Photo Courtesy of Omar Wasow
“How did we get from civil rights to mass incarceration?”
By Donald Gilpin
Omar Wasow, who studies race, protests, and statistical methods and their effects on politics and elections, has always been intrigued by a puzzle, ”a question about politics that was always there at the back of my mind.” It was a question that took him from the high-flying world of entrepreneurship as a celebrity in the early days of social media back to the academy for graduate school then to the world of university research, writing, and teaching at Princeton University, where he is an assistant professor of politics.
As a boy growing up in Greenwich Village in New York City in the 1980s, Wasow lived in a household of academics, with his German-Jewish father an economics professor at NYU and his African American mother an early education teacher and education fundraiser. Wasow described the ”rich environment for learning,” in which he grew up, filled with discussion and debate. “We would always argue at the dinner table over the news,” he added.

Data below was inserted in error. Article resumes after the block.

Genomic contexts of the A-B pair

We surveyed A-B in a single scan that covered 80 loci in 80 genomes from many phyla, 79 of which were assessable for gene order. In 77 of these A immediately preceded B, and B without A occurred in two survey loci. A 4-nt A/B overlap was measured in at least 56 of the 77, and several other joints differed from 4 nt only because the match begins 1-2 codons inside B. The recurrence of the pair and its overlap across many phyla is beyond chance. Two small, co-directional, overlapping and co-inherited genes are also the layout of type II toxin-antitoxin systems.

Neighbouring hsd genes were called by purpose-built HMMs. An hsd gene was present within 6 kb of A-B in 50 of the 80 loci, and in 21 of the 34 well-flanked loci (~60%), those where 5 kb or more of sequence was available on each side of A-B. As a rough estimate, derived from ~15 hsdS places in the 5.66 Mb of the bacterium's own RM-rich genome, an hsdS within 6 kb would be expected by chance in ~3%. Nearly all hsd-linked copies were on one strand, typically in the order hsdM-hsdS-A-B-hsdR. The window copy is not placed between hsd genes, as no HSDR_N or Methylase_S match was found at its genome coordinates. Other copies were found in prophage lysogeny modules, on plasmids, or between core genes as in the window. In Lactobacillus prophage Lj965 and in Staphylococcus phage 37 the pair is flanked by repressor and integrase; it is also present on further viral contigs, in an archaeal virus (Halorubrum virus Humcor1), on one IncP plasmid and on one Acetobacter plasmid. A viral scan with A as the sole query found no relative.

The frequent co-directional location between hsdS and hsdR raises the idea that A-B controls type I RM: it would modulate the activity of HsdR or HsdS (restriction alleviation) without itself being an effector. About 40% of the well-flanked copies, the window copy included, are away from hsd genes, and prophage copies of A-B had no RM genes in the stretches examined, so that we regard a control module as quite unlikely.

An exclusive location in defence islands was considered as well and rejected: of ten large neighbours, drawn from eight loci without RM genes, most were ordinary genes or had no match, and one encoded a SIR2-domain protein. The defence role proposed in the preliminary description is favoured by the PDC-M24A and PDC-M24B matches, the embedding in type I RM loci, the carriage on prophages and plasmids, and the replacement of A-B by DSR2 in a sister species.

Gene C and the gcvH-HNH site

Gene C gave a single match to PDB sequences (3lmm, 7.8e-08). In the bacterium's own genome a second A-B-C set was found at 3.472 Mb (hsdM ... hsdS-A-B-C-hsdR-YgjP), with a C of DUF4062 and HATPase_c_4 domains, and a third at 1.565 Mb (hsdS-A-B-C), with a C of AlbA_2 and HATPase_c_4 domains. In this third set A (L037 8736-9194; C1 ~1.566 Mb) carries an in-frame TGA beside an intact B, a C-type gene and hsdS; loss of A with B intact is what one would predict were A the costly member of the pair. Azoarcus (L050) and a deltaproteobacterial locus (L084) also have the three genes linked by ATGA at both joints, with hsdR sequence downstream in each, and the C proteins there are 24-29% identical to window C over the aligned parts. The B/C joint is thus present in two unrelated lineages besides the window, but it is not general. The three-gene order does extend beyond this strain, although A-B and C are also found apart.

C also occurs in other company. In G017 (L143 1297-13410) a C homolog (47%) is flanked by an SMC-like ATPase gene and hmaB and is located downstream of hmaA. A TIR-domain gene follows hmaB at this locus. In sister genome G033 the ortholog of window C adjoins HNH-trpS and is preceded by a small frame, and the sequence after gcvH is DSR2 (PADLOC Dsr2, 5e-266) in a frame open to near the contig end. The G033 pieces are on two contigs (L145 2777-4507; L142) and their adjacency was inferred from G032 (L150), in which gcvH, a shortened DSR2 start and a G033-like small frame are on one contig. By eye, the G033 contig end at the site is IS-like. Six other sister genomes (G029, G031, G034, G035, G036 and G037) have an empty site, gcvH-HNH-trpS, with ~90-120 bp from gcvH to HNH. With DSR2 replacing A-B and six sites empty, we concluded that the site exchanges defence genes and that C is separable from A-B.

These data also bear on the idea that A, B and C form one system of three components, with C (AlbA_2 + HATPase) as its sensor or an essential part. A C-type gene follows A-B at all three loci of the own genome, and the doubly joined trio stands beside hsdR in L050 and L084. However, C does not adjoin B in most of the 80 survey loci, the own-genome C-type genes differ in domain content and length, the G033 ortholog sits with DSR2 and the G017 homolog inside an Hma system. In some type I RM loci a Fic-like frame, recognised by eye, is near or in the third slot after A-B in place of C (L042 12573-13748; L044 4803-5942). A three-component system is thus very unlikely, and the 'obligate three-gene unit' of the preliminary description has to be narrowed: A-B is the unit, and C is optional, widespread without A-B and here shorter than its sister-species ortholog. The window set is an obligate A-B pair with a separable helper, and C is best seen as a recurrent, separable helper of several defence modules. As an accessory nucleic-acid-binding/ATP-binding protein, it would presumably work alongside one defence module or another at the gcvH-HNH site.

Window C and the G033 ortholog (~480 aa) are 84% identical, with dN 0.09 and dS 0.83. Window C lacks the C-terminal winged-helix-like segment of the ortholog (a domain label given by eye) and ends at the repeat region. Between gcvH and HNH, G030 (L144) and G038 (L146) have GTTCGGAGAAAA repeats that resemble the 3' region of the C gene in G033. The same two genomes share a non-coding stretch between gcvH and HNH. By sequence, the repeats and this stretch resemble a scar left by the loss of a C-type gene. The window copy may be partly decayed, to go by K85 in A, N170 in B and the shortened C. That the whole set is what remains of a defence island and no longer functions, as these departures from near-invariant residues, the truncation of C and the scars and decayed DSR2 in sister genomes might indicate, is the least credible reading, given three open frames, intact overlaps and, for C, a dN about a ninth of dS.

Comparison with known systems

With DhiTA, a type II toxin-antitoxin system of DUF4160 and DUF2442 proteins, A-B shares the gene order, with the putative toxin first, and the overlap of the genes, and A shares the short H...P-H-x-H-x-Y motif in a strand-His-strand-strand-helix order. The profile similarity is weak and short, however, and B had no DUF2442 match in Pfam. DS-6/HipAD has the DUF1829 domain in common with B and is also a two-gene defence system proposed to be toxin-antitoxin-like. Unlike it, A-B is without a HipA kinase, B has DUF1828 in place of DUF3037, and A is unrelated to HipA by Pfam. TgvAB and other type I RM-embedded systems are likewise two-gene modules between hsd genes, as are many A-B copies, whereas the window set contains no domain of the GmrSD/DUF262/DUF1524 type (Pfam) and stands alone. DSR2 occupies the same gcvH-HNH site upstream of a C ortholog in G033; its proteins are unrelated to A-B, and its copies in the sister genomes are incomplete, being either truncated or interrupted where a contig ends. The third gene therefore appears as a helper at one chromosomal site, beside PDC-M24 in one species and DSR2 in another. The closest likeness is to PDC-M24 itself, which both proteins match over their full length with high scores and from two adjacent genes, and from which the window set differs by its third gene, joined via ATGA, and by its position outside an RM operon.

“I had questions growing up,” he said in a July telephone interview. “My parents had always been not just educators, but activists. My dad had gone to register African American voters in Mississippi in 1964 with the Freedom Summer Project. That was a real high point in his life, but in a larger American context it represented a set of victories for the civil rights movement.”
He continued, “And when I was growing up in New York there was this puzzle which was that things seemed like they had gotten derailed in many ways. From the highs of the mid-60s civil rights successes things seemed to have gone off the rails.” more